Lighting the Way to Greener Libraries

Indian Trails Public Library District, located in Wheeling, Ill., reopened its doors on April 10, 2017 after renovating the building and rebuilding in the space — making the way for a more contemporary, bright, open, and energy-efficient space for all uses and ages.

Racetrack Lighting YS

Photo Courtesy McShane Fleming Studios

Patrons now conduct research amid low wattage LED lighting, which is easier on their eyes and does not cast a shadow. The children’s department is the home to the longest LED racetrack lighting in North America. At 815 feet, this racetrack lighting adds a fun, lively and seamless feel to the department and the rest of the library. The space also has a skylight, which offers patrons natural light, especially during the long winter season. And, visitors can also snuggle up with a captivating book next to the gas fireplace.


But, the most relevant upgrade of the new building is the conversion of the pricey electric heating, ventilation, and air conditioning (HVAC) system to a more cost-efficient and cleaner system which features geothermal wells and natural gas boilers. The library currently houses 28 geothermal wells. Since the library reopened in April, it is still too early to report any energy savings since switching from electric to geothermal energy, although early indicators suggest significant cost savings on energy bills.

In September 2017, Indian Trails added green roofs to the west and south sides of the library on the second floor. The plant material is composed of sedum, which is a perennial plant that is native to the area and requires little or no maintenance. In the springtime the plant blooms star-shaped purple flowers.

In June 2017 the library learned that it had become the recipient of a $100,000 grant from EBSCO Information Services, a library resource provider for academic, public library, and government, and school customers. This grant is for the installation of a solar array at the library. The other $100,000.00 grant recipient was the Athens-Clarke County Library located in Athens, Ga.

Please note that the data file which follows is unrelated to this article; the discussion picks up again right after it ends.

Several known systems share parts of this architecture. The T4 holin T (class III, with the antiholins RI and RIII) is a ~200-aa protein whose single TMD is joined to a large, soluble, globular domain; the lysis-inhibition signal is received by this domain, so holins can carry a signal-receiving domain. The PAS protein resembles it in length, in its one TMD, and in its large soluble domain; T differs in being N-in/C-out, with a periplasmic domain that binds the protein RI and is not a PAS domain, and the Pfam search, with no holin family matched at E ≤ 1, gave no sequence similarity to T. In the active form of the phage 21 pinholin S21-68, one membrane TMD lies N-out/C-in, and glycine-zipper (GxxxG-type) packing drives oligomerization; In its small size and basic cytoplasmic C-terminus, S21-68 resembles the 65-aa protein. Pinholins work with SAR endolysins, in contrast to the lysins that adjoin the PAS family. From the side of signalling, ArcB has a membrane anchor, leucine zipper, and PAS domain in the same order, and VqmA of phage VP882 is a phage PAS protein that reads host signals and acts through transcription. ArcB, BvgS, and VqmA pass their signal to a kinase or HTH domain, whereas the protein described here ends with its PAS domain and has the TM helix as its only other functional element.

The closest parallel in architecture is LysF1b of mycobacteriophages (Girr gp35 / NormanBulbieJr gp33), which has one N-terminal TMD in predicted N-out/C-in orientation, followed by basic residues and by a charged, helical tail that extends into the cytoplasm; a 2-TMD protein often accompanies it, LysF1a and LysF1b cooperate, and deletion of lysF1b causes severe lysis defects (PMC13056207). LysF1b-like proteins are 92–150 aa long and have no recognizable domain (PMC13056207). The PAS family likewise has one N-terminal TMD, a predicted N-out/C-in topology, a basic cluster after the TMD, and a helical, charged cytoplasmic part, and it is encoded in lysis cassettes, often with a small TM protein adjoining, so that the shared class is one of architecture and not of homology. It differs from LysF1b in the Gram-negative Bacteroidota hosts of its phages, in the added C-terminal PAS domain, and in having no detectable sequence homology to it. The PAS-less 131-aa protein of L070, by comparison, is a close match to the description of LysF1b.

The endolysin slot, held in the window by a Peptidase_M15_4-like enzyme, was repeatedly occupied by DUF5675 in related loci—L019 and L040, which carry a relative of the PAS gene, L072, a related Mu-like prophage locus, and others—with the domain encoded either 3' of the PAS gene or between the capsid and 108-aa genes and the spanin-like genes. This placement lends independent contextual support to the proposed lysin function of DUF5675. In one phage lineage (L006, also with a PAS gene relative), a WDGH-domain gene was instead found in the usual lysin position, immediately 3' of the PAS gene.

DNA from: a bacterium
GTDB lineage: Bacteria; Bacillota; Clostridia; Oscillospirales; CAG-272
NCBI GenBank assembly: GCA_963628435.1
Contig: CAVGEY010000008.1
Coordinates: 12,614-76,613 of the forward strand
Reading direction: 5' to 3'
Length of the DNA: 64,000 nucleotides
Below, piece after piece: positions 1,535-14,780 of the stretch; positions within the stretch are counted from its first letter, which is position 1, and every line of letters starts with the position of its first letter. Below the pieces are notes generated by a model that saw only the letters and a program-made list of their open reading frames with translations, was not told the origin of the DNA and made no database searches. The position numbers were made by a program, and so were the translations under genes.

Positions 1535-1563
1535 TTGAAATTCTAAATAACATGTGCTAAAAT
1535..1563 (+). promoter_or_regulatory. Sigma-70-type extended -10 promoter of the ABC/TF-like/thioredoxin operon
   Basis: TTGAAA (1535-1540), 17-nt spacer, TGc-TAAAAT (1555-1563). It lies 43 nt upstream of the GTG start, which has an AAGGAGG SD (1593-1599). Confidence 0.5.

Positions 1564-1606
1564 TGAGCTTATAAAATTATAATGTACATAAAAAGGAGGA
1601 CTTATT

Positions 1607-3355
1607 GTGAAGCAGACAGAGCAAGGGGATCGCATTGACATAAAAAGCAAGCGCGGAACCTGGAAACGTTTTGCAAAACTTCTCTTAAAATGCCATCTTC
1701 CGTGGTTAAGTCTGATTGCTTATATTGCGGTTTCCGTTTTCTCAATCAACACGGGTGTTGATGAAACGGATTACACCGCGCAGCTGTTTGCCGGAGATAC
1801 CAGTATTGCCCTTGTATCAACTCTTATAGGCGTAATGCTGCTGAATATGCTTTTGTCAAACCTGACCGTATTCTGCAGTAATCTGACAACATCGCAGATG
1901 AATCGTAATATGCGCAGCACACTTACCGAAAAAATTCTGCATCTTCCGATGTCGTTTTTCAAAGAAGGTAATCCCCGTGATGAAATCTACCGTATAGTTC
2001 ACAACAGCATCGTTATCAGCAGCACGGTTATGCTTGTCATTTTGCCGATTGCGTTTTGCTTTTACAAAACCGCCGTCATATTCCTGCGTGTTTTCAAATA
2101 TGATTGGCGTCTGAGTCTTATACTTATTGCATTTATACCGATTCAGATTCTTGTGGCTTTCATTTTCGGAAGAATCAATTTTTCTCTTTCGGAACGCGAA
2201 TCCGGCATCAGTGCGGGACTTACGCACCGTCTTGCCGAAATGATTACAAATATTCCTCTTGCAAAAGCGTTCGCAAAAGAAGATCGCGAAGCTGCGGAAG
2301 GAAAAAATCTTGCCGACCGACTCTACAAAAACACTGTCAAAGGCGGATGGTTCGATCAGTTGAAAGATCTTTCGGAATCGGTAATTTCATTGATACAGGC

“We are thrilled to receive this grant and be given the opportunity to further enhance our new building, stated Brian Shepard, the library executive director. “Through our expanded STEAM [Science, Technology, Engineering, Arts, and Mathematics] programming and makerspace initiatives, we hope to educate and inspire residents to explore the lasting benefits that sustainability practices contribute to an informed community.”

Since its doors reopened in April 2017, the response to the new facility has been overwhelmingly positive. In August, the library hosted the solar house exhibit from  the Illinois Solar Energy Association. When the solar panels are installed next year, the library will include programs for all ages about how  families can reduce their carbon footprint, and the benefits of solar energy.

What The Economy Has Taught Me About Being Green

I’m going to get a little personal in this post, which is unusual for me. But, I have been out of my full-time career for nearly three years, which is a written communications professional. It’s really irritating, but I’m working a “survivor” retail job full-time while working on writing and editing jobs on the side. So, needless to say, I’ve had to learn to become extremely frugal in these past few years, which in a way is another way of “being green”.

One thing I’ve learned is to make some of my own cleaning supplies — good old vinegar and water works just as good for cleaning windows as Windex and it’s cheaper. Sure, it may not smell as good, but who really needs all of those smelly chemicals anyway?

I’ve also rediscovered libraries and used bookstores! Reusing is the ultimate green task. Do you really need that hardcover fiction book sitting on your bookcase collecting dust? Probably not. I don’t know about you, but once I’ve read a fiction book I usually never read it again. But, if it’s a reference book, something I know I’m going to refer back to later on, then I go to a used book store. You can really find some gems at these stores — books or music that is out of print, titles you have been searching for forever, you’d be surprised!

I’m eating simpler now too, which is both easy on your pocketbook and your waistline. Also, I can’t afford to go anywhere, but I at least get out and go for a walk (as long as the weather cooperates — I live in the Midwest United States where winters can be terrible). But right now I get to enjoy the glorious fall that Mother Nature gives us.

Sure, I get down in the dumps and wonder if I’ll ever make decent money again — lots of times. But, when that happens I just go over to the library and check a book on CD out or a funny movie.

I would love to hear from you how you have become more frugal in these tough economic times.

And, if you or anyone you know of needs some written communications work, I do freelance writing and editing. Please contact me at or visit my Web site (which needs to be update, sorry) at